the cost of negligence
It’s not surprising that we get fed hundreds of ideas throughout our lives that are complete foowie. Urban myths, the Tooth Fairy, Santa Claus, the Friend of a Friend stories, sugar makes kids hyper, the old lady, her dog and the microwave, and countless more specious stories and misunderstanding of facts get passed around. Without any further exmination that foowie becomes accepted as true. The weird part is, later should the truth be presented, the new information is reject not the old. Old notions are a devil to overturn, especially when they’re commonly held as part of the cultural mindset. There are more examples of this than I’m going to bore you with. Why new information is doubted without questioning the veracity of the old is puzzling. Why our brains didn’t question the first idea before accepting it is the first step in fooling ourselves. Why we don’t furrow our brows when presented with any claim to truth, and follow up with a search for corroborating evidence, is the big question.
This problem is compounded by the flush of information readily available to us only a few clicks away on the internet. So much information, easily accessed, mostly free, and purportedly authoritative, sets us up for trouble. Search engines seemingly help by sorting through millions of possible sources. Since there is no card catalog nor index, we rely, instead, on computer algorithms written and rewritten, amended and remodeled, by fallible humans to pull up relevant pages. These searches are not completely neutral, though, and never select for accuracy or quality. They are strongly steered by commercial concerns. Equally incredible, they even filter based on your past interests, which superficially may appear beneficial, but as often as not, will return redundant or homogenous information—just the opposite of what the plethora and variety of the internet offers, and counteracting its greatest benefit : superabundance. We are being cheated—again. And again, it’s a reminder that the burden is on each of us, individually, to question, scrutinize, and validate, not just slurp up the first thing that comes along. And again, it’s a reminder that the burden is on each of us to pass on to others only information that’s been carefully scrutinized and validated.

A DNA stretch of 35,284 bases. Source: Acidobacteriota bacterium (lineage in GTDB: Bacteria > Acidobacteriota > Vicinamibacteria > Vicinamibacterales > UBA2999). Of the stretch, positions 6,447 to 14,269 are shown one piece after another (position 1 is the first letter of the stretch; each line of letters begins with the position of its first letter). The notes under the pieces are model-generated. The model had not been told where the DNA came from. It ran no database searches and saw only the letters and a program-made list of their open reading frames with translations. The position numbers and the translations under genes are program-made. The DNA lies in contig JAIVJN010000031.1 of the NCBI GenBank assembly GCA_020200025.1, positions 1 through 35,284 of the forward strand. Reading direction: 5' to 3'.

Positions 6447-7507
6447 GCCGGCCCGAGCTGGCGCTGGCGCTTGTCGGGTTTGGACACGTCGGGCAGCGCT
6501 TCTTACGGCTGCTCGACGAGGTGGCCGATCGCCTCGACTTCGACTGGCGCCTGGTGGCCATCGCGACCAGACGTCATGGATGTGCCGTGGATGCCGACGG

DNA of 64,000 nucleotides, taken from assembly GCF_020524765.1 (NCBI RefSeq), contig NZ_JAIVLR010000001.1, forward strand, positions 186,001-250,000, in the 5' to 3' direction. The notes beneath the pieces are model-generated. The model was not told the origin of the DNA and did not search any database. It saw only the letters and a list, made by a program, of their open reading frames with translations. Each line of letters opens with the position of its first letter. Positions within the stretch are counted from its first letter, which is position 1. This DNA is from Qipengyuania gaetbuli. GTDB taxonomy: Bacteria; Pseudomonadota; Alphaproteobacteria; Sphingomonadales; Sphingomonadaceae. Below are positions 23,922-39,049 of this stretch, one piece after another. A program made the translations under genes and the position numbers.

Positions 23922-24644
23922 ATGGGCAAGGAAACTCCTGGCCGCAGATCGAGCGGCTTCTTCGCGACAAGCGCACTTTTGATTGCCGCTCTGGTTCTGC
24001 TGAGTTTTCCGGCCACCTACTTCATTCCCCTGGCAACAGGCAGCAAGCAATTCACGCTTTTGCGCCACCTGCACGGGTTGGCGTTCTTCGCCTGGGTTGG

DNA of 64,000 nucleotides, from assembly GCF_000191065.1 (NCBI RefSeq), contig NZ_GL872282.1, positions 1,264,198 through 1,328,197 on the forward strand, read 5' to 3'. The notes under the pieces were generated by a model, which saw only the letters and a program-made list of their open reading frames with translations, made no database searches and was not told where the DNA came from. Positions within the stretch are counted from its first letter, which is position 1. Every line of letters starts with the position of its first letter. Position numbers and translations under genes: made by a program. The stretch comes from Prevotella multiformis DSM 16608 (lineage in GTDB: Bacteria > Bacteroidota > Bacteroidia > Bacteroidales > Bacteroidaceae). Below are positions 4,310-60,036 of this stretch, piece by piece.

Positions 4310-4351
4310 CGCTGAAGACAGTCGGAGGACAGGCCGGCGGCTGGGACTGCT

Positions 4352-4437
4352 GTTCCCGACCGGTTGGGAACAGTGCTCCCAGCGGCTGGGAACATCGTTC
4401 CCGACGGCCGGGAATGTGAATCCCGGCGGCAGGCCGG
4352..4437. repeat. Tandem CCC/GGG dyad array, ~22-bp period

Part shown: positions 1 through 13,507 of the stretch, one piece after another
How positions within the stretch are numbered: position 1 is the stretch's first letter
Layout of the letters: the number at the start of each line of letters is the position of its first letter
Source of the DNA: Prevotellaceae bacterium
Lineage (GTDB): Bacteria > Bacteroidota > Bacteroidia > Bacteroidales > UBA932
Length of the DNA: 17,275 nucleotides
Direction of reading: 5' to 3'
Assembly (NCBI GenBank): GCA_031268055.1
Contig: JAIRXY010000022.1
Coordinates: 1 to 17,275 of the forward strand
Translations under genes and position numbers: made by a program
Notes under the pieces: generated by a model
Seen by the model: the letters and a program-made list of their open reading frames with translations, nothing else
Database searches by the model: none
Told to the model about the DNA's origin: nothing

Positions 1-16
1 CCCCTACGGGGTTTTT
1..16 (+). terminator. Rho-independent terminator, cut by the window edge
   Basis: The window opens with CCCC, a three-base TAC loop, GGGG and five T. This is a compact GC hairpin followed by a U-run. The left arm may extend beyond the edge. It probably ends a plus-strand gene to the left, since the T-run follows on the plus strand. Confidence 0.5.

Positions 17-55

It’s bewildering the way lazy thought processes allow early information to calcify and block out new contradictory data. When I’m confronted with a contrarian idea, it gets me started. I first question my assumptions and what I already think I know. If I’m wrong, I want to correct my misunderstanding. I look for confirmation and substantiation on both sides. I look for the greater quantity and quality of support. I want the truth, not assumptions; the facts, not beliefs; the reality, not common opinions.
The Information Age presents society with a huge challenge. No one person can possibly know much of anything outside their own highly specialized field. Think about what that means. We are more than ever dependent on what others know. Conversely, as individuals we are more than ever accountable for what we say and pass on. We are heavily reliant on the accuracy of what’s being disseminated through all channels of communication. We can no longer ignore or allow the exploitation of others’ ignorance, nor our own ignorance. Blaming people for not knowing is inexcusable. The oldest sales technique in the book turns the buyer’s innocence against him or her. One can’t know enough to make a relatively simple decision, such as buying a toaster. Companies, salespersons, websites, or advertisers that take advantage of one’s lack of knowledge are reprehensible and negligent. This is your world. Make it one you want to live in. Spread the truth; Expose the lies.
Read part 1 [Based on Science : the cost of ignorance]
Listen to the podcast from TTBOOK : [Lies That Last]
Follow it with : [Pranks and Hoaxes]
Give this a gander, especially the Cathouse for Dogs from 1976 : [Hoax Artist]
And listen to this : [Web of Doubt]